Jet fuel, essentially high grade kerosene, is not a dense fluid, and does not turn into a rigid body at 500 mph. Even if it could somehow do become a solid, because of its low density it would still not carry enough kinetic energy per unit volume to penetrate. Perhaps this is why depleted uranium is used rather than small aluminum tanks of kerosene for armor-piercing rounds.

There are fluids that behave in this way, so called non-Newtonian fluids (search YouTube for some neat examples) that are rigid to rapid movement, but it takes some effort to create such things. Simple hydrocarbon fluids like jet fuel will behave like classical fluids over a very wide range of velocities.

One other comment on the animation: it does not actually show this behavior by the fuel. Instead it disperses as we would normally expect. We also see the animation depict pieces of aluminum from the fuselage slicing edgewise through core columns (no comment). Note also that the connections between the core columns seem to have been left out of the simulation. There were a great many of these, spandrel plates and box columns on each floor connecting every column to its neighbors, as well as diagonal vertical bracing connecting the four columns in each corner of the tower.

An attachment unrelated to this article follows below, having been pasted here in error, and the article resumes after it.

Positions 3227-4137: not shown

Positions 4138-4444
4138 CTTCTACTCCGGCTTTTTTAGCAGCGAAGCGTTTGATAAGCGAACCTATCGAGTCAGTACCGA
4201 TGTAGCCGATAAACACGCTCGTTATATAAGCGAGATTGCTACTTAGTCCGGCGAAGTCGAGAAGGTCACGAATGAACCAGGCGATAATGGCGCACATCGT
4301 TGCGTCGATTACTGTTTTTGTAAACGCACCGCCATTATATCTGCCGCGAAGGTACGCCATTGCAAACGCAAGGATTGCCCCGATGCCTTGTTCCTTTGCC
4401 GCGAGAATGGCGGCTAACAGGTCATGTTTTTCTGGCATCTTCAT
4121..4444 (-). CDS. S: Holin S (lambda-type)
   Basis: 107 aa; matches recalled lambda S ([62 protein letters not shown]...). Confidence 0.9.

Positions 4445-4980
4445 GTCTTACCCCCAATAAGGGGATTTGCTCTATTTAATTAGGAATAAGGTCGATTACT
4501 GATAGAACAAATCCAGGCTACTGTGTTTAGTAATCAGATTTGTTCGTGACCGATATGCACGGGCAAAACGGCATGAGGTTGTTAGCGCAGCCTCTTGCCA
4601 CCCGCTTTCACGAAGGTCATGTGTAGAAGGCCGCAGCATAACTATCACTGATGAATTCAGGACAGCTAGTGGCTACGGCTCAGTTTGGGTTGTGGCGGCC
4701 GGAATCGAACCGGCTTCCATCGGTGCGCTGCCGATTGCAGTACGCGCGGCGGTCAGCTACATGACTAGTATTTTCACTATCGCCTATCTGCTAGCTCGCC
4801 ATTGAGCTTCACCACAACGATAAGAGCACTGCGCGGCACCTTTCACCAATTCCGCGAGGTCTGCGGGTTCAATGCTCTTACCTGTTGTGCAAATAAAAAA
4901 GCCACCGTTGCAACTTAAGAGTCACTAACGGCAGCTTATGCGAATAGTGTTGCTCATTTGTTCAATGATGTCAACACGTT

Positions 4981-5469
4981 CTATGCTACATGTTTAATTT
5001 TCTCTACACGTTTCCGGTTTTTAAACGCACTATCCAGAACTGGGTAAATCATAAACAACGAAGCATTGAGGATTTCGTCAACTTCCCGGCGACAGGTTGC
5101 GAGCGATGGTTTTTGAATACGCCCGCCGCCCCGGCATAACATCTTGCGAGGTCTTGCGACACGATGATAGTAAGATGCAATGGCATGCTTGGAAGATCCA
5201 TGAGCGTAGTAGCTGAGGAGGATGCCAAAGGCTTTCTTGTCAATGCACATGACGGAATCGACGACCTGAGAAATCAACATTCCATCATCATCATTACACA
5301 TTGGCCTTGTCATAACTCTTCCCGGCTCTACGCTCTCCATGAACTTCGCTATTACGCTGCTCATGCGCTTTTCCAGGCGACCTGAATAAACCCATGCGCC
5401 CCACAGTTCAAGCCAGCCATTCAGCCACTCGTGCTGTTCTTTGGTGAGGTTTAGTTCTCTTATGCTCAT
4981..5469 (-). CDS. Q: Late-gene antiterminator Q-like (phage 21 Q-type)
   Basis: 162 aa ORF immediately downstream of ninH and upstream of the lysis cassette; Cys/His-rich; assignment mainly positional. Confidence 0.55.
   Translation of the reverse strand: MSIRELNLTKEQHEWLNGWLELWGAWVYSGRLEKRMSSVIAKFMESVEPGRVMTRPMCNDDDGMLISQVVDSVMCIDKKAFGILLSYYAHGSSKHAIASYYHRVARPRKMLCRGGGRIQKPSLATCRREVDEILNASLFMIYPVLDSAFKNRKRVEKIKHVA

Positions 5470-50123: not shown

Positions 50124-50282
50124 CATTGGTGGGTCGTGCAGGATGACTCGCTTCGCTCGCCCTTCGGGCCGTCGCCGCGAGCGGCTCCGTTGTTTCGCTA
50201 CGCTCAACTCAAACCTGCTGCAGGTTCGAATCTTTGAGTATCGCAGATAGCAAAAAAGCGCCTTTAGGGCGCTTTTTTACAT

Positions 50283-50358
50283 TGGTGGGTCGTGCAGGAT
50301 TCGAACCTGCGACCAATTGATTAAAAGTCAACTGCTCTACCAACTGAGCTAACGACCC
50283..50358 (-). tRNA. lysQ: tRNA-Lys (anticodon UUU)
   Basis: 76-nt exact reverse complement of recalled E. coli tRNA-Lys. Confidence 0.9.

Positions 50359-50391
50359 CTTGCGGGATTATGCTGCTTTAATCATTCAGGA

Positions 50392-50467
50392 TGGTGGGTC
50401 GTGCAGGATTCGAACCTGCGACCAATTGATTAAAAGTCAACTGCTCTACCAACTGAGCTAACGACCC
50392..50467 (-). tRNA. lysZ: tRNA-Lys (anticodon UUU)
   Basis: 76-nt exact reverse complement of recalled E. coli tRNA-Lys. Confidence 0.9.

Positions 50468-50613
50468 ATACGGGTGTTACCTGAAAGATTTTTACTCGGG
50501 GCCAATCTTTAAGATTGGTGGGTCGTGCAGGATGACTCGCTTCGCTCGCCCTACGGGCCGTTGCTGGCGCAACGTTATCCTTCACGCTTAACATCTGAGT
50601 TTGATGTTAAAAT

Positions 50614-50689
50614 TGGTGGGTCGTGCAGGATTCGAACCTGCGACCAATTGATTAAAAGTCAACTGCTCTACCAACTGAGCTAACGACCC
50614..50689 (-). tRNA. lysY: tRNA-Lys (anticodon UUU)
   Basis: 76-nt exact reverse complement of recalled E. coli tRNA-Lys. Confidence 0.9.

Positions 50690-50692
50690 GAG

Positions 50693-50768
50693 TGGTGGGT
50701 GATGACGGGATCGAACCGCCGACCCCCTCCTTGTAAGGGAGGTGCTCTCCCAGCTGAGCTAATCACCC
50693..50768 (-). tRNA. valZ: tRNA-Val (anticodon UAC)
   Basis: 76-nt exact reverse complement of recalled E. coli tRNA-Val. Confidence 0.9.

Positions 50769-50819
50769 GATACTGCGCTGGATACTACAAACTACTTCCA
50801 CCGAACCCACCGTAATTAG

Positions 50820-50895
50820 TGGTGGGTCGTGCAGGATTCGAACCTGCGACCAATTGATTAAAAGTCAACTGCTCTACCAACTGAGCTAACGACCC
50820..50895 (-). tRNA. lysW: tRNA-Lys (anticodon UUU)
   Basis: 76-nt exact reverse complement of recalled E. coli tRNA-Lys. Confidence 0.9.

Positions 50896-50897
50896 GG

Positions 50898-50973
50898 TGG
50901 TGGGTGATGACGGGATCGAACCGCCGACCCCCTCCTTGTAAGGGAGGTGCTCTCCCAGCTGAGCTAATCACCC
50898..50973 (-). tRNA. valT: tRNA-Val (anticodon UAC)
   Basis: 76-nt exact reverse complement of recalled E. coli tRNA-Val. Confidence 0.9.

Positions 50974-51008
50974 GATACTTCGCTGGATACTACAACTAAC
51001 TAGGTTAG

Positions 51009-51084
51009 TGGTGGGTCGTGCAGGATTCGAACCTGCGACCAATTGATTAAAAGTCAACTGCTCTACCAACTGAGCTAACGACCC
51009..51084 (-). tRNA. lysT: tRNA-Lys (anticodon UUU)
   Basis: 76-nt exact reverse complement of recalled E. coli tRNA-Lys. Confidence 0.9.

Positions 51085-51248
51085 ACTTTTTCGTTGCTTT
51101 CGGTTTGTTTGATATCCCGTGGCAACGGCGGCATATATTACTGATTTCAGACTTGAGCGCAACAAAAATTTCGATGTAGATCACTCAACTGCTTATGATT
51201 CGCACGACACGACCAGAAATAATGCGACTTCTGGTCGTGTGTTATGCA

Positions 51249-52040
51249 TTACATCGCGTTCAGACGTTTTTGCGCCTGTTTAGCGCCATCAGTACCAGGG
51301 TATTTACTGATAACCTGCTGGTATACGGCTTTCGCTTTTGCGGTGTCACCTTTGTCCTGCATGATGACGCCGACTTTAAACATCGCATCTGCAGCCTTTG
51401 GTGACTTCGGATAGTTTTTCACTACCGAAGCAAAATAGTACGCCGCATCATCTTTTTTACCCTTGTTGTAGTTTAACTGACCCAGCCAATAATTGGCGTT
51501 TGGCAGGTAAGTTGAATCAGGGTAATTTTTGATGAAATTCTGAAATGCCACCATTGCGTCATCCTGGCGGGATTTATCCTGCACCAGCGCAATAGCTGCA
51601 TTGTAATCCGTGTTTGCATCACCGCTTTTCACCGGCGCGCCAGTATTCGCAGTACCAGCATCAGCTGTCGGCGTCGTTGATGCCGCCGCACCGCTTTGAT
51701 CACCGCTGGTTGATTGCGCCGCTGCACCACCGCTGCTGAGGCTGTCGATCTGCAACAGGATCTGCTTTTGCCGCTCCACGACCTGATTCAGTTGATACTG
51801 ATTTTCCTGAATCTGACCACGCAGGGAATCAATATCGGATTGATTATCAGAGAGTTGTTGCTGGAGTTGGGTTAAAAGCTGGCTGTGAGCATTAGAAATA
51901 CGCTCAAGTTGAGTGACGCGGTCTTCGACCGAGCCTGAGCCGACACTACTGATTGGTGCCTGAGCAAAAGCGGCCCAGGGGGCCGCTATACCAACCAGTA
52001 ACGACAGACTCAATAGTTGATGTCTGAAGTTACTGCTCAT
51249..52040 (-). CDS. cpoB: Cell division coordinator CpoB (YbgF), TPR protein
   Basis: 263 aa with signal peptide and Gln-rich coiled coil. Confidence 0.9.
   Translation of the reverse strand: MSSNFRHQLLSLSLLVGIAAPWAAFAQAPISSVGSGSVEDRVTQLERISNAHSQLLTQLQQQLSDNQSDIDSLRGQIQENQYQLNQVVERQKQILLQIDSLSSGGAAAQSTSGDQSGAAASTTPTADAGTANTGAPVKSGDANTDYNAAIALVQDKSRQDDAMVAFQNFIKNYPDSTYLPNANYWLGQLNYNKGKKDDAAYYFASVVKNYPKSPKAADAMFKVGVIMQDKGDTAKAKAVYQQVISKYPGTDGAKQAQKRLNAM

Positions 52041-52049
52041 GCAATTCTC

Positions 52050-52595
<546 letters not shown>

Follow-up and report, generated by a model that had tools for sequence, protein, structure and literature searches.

The behavior of columns tied together into a grid is very different from unconnected columns waving in the breeze.

Moderator said...

According to Kevin Ryan: Purdue University's "short video clip is far from a scientifically-based production, as it actually contradicts several of the government's own, much more intensive studies, and shamefully fails to capture some of the most basic aspects of the related events." He expressed his views in a letter to Purdue's president.

Anonymous said...

Don't skyscrapers have to sway in the wind? If an airliner hits near the top of a skyscraper isn't it going to deflect and oscillate?

Why don't the CORE COLUMNS move in unison in the Purdue simulation as the plane comes in and pushes against the floor slab, cracking it up? Didn't the survivors just below the impact point report the whole building shaking? Someone said it "moved like a wave".